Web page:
3. Loans and credits not issued by banking institutions
Conventional banks and lenders underwrite loans based on a system of credit reporting. They check your credit score, home-ownership status, debt-to-income ratio and the assets you own. Banks have to go through your entire financial status and personal data to get all this information. Based on this data, they then calculate the risks involved, the interest rates, the fees and the collateral in case you default on your loan.
Blockchain technology opens up the possibility for P2P loans. Unlike banks, blockchain implements smart contracts with complex loan protocols, loan structures, and a faster and more secure loan process. With P2P loans, users can borrow directly from other users or a pool of funds. This means they eliminate any third party banks and receive cheaper, faster and more secure ways to acquire loans from a large pool of customers. Blockchain also provides users who hold their crypto assets a way to earn interest by offering them a loan or participating in a loan pool.
One key factor to note with a bankless society using blockchain is that the protocols always over collateralize cryptocurrency loans. However, since banks offer over-collateralized loans, blockchain-based loans should not deter you.
For instance, if you are a long-term investor of a crypto asset like ether, you want a bankless loan and to still hold your assets. You might choose to participate in a loan pool by depositing the ether. This way, you can take out a partial loan and earn interest from it. If ether’s price goes up, you can leverage this opportunity and pay out the loan, thus retaining the loan you took out and still having your assets earning interest.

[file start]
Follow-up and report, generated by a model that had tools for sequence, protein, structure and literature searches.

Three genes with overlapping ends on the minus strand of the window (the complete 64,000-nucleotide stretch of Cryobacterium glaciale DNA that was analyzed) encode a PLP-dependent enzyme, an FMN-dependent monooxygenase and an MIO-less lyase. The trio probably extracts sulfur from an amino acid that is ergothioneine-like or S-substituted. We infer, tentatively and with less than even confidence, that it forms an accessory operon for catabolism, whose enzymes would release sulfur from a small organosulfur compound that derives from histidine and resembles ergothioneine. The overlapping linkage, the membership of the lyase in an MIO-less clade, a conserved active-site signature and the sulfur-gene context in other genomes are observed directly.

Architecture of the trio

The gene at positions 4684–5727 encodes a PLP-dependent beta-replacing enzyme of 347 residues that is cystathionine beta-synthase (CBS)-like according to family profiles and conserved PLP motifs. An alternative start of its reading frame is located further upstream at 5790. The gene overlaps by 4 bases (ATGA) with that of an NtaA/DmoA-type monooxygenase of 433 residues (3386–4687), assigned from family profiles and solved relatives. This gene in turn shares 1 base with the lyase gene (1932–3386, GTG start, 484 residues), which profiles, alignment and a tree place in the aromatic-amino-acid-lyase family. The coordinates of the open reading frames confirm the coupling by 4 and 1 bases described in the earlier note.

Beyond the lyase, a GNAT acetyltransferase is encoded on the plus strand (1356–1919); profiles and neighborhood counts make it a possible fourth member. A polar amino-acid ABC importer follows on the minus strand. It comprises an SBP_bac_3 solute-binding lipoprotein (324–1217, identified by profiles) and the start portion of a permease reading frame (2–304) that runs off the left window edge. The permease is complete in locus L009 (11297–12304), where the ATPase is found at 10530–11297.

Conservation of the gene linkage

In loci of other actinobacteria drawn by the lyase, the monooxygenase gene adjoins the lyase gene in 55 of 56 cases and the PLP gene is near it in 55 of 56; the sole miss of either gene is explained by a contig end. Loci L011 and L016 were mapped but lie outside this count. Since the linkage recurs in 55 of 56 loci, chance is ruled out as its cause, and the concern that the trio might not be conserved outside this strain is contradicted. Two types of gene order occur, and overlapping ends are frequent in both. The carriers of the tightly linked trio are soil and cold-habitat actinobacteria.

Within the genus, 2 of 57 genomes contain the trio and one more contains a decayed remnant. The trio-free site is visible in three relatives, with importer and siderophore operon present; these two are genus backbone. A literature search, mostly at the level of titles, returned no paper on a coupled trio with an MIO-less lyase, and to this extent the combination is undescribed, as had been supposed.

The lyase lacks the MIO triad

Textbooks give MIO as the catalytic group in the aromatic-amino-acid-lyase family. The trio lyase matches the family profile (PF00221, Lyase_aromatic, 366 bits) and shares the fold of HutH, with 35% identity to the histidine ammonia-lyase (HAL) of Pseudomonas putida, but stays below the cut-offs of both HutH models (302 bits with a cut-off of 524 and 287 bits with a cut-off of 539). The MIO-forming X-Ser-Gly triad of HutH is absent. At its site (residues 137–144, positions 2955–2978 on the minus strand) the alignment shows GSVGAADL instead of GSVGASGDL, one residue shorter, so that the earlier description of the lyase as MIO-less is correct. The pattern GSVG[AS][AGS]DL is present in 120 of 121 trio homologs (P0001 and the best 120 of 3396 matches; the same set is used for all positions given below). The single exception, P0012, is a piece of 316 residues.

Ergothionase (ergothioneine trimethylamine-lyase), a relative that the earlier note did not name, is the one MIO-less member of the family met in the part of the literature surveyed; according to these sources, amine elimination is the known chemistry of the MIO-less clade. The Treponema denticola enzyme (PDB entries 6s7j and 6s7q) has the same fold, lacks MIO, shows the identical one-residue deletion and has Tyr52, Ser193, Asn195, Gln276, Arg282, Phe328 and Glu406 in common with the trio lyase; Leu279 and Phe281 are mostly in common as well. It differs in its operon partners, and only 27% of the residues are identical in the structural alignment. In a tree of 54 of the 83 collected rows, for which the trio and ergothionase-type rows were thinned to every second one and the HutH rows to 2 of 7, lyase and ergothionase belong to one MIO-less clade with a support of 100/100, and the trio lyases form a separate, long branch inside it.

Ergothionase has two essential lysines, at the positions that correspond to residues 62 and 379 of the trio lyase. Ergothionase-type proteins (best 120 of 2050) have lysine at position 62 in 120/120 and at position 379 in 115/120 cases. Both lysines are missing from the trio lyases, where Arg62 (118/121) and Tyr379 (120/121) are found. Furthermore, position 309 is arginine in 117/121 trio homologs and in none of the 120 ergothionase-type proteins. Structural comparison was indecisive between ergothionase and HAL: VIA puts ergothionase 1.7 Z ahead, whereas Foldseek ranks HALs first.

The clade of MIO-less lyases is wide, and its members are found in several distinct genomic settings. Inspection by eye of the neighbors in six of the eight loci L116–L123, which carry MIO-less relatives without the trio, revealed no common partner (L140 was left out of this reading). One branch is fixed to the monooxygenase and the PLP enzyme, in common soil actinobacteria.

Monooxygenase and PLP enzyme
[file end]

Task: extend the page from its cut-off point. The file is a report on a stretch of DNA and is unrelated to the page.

Excellent examples of projects that are shifting the loans and credit services to a bankless system are Maker, Aave, Curve Finance, and Compound, to mention a few. You can review DeFi Pulse to view a complete list of the best project for your bankless journey.
4. Clearance and settlement systems that do not depend on banks
As mentioned above, bank transfers often take up to 3 days to be finalized. This is large because of the underlying framework of the banking ecosystem. Today, a simple transfer from one bank account to another has to pass through various complex intermediaries from correspondent banks. The simple transaction has to be reconciled across global financial systems since most banks do not have a direct relationship with one another.
Moreover, SWIFT protocols do not make this process any faster because they send out payment orders to the banks involved in transactions. Intermediaries handle the actual payment, adding to the cost and potential failure.
Blockchain technology, which serves as a distributed ledger, can provide a global ledger that can act as an interbank protocol. Instead of relying on global bank settlements, blockchain-based financial institutions can leverage the ledger. Further, a blockchain ledger can offer large-scale settlements to process transactions in real-time.
An excellent example is Ripple, an enterprise blockchain service provider. It aims at building a blockchain-based solution for conventional banks to clear and settle transactions using IOUs and the XRP cryptocurrency.